Casa Grande mayor supports push to place cable barriers on Interstate 10

Posted at 10:31 PM, Aug 17, 2018

The Mayor of Casa Grande is supporting a push to place cable median barriers on Interstate 10 following an ABC15 Operation Safe Roads investigation.

“It’s a dangerous stretch of road, and it’s just too much traffic. It’s not safe,” said Mayor Craig McFarland.

McFarland has written a letter in support of Mike Humphrey, who lost his wife and sister in a cross-median crash in 2008.

RELATED: Are barriers the fix? Deadly I-10 crashes cost AZ $$

Humphrey has been publicly calling for the installation of cable barriers on I-10 from Phoenix to Tucson. Currently, there are almost no median barriers on the busy stretch of highway.

To raise awareness, Humphrey has been speaking at state transportation board hearings and reaching out to local leaders across the region.

McFarland heard him speak at a meeting in June.

“He was presenting at an (Arizona Department of Transportation) meeting,” he said. “When I heard his story, which I had not heard before, it moved me to try and reach out to him. His goal is to make I-10 safe, and my goal is to make I-10 safe. I thought it would be helpful if we worked together.”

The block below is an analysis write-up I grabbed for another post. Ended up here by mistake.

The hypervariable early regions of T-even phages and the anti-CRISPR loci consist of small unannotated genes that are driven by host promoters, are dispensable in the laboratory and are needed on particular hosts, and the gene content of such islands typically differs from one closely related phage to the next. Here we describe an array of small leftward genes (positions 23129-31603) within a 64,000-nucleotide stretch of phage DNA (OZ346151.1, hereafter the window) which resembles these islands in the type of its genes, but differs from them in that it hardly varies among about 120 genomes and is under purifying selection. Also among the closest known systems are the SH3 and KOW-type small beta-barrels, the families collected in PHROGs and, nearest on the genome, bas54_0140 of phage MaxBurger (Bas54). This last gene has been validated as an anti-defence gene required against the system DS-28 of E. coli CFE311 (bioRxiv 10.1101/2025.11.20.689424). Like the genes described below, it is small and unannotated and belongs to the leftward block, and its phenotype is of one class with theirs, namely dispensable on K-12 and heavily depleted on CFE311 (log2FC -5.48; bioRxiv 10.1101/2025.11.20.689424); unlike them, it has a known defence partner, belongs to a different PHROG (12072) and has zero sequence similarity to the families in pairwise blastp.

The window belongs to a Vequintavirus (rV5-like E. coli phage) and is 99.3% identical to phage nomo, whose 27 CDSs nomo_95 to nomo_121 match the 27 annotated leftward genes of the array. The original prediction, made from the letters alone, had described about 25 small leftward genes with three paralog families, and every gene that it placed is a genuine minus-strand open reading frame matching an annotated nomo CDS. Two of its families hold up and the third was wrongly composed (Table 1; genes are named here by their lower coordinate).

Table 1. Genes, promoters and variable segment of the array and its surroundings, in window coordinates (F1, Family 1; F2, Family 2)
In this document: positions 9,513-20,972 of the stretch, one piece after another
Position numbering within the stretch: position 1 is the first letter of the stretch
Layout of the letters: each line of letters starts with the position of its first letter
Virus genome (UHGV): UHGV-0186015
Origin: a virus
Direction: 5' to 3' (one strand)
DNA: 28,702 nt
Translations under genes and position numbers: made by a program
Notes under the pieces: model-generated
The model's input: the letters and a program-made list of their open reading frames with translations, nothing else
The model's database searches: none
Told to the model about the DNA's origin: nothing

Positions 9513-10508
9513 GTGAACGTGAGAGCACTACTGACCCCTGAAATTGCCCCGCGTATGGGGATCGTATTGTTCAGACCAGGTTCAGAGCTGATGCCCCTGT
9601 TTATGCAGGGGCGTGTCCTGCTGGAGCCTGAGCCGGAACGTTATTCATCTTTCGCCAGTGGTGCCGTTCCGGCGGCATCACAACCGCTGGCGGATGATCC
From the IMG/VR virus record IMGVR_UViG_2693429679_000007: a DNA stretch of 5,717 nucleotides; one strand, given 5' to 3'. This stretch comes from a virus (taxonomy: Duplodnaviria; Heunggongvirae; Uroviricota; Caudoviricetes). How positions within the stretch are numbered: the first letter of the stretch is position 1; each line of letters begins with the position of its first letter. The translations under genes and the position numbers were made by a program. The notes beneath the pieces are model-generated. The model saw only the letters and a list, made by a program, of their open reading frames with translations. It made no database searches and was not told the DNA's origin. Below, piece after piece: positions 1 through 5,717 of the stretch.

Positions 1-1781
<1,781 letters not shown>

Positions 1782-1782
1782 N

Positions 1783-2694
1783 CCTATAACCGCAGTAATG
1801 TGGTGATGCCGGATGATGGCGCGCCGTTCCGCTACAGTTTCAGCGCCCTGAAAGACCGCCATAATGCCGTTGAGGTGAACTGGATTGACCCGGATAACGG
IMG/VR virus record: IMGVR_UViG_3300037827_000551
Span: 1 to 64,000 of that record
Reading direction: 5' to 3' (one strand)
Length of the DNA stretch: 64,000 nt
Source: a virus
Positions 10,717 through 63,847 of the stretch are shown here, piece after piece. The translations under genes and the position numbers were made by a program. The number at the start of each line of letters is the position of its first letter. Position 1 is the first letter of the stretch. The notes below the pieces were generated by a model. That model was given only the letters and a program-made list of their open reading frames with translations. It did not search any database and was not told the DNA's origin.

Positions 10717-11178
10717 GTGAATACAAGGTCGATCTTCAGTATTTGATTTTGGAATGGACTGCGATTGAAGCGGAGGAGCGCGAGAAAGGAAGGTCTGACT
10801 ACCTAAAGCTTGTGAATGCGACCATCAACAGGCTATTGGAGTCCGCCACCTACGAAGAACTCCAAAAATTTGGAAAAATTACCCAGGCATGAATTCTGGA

Interstate 10 cuts through McFarland's city.

The Mayor said he campaigned on a platform of improving the freeway and making it safer two years ago. His main concern is the width of the highway, which is predominantly just two lanes.

McFarland said it’s too much traffic going too fast for the two lanes.

But official plans to widen I-10 are roughly a decade away.

McFarland is working to expedite that, but he believes cable barriers could help improve safety in the interim.

“We need to do whatever we can to make (residents) safe,” he said. “And if this helps, then it’s worth it.”

In late May, an ABC15 Operation Safe Roads investigation revealed that nearly 150 cross-median crashes have occurred on a pair of 20-mile stretches since 2001.

Those crashes have led to at least 150 injuries and 46 deaths.

ABC15’s report also highlighted Humphrey’s long, expensive legal battle with the State of Arizona over his family’s deaths.

The case is currently tied up on appeal after a jury issued a $40 million verdict.

The jury believed the Arizona Department of Transportation should have had cables along the stretch of I-10 based on the highway’s crash history.

But despite the verdict, ADOT believes installing cable barriers on Interstate 10 and other Arizona highways will cause more harm than good.

Steven Boschen, an ADOT assistant director, said that cross-median crashes are rare and unpredictable, accounting for about one percent of fatalities.

He also said the interstate’s 80-foot dirt medians are the safest option out there.

“By putting up cable barriers we would be causing more harm than good,” Boschen said. “If we put a barrier out there, we are just introducing more harm. A barrier is actually a hazard, and there would be more crashes.”

Contact ABC15 Investigator Dave Biscobing at